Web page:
Rich Dad Poor Dad Essay

It is interesting to glimpse other people’s take on the priorities of life. Some place people first, others money, some fame and others family or relationships. As I listen and read about the advice and suggestions others have in the area of business, I always tend to look at the bigger picture first – what are the implications here as it applies to life as a whole? If I buy this statement, what exactly am I buying into? This all took place in my journey as I read Robert T. Kiyosaki’s book “Rich Dad, Poor Dad,” and even though I think he had some clever and reflective insights, as bold as I may be for saying this, you might say I have some disagreements. Let’s look at the book and see what he says.
This book is actually autobiographical in nature, or possibly a memoir, as Kiyosaki is looking back on his life and describing his journey to prosperity and what valuable lessons he gained along the way. As the title suggests, the main source of these lessons came from witnessing two dads he had in his childhood; one he calls “Rich Dad” and another “Poor Dad”.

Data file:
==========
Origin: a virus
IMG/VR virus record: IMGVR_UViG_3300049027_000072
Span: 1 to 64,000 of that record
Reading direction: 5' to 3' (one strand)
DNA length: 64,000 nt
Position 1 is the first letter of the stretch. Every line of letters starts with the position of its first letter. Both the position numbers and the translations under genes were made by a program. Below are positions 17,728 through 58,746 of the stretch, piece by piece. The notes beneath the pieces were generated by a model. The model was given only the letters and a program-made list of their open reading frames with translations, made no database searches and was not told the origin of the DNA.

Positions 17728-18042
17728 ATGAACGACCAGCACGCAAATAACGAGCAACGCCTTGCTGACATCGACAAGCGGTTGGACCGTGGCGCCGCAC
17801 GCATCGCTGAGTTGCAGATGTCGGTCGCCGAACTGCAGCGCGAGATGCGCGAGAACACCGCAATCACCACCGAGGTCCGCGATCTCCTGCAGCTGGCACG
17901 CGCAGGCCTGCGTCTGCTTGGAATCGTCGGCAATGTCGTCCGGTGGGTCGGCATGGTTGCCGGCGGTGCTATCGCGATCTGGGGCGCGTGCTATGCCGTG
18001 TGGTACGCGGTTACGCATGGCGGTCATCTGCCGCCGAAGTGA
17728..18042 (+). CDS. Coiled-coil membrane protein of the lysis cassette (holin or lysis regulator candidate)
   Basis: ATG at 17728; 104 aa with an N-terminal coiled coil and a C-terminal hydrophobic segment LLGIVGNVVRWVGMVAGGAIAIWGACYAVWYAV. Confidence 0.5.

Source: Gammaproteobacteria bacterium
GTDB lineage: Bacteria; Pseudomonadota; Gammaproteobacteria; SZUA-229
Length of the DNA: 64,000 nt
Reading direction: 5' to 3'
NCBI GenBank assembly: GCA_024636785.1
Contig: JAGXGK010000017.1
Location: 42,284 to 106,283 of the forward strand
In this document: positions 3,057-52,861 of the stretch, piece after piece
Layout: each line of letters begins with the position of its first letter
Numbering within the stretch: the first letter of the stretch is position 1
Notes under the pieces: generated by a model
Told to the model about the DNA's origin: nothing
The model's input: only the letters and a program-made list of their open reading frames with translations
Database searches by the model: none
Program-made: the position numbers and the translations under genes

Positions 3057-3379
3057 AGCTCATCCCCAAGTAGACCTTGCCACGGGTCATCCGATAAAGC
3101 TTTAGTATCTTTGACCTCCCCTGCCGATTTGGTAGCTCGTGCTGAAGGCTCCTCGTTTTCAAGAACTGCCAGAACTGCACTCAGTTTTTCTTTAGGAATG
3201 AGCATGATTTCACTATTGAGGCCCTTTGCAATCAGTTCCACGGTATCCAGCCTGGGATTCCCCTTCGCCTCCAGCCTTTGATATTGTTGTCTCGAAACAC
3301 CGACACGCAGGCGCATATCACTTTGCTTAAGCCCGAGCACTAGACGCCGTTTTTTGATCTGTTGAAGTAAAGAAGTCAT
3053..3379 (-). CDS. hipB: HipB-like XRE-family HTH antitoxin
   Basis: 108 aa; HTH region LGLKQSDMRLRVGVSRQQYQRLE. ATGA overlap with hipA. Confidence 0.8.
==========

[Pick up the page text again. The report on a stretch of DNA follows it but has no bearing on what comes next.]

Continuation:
The Poor Dad is in fact his biological father. An Ivey League graduate, possessor of a doctorate, and very successful and educated, it would seem like his life was on track for teeming success and financial security. However, surprisingly with all of his great educational accomplishments he had severe financial issues. His job became his sole source of income, and the job was viewed simply as a vehicle for making money, paying bills and solely surviving. He would not talk of money much, possibly even weakening the weight of wealth and fortune while focusing primarily of being educated in the academic sense. Buying material possessions were also uncommon as he believed money should be saved and that was what created security, although Kiyosaki reveals to us that he was never indeed “secure” financially.
In contradistinction, the Rich Dad’s character and approach was dissimilar to the Poor Dad. Rich Dad was not...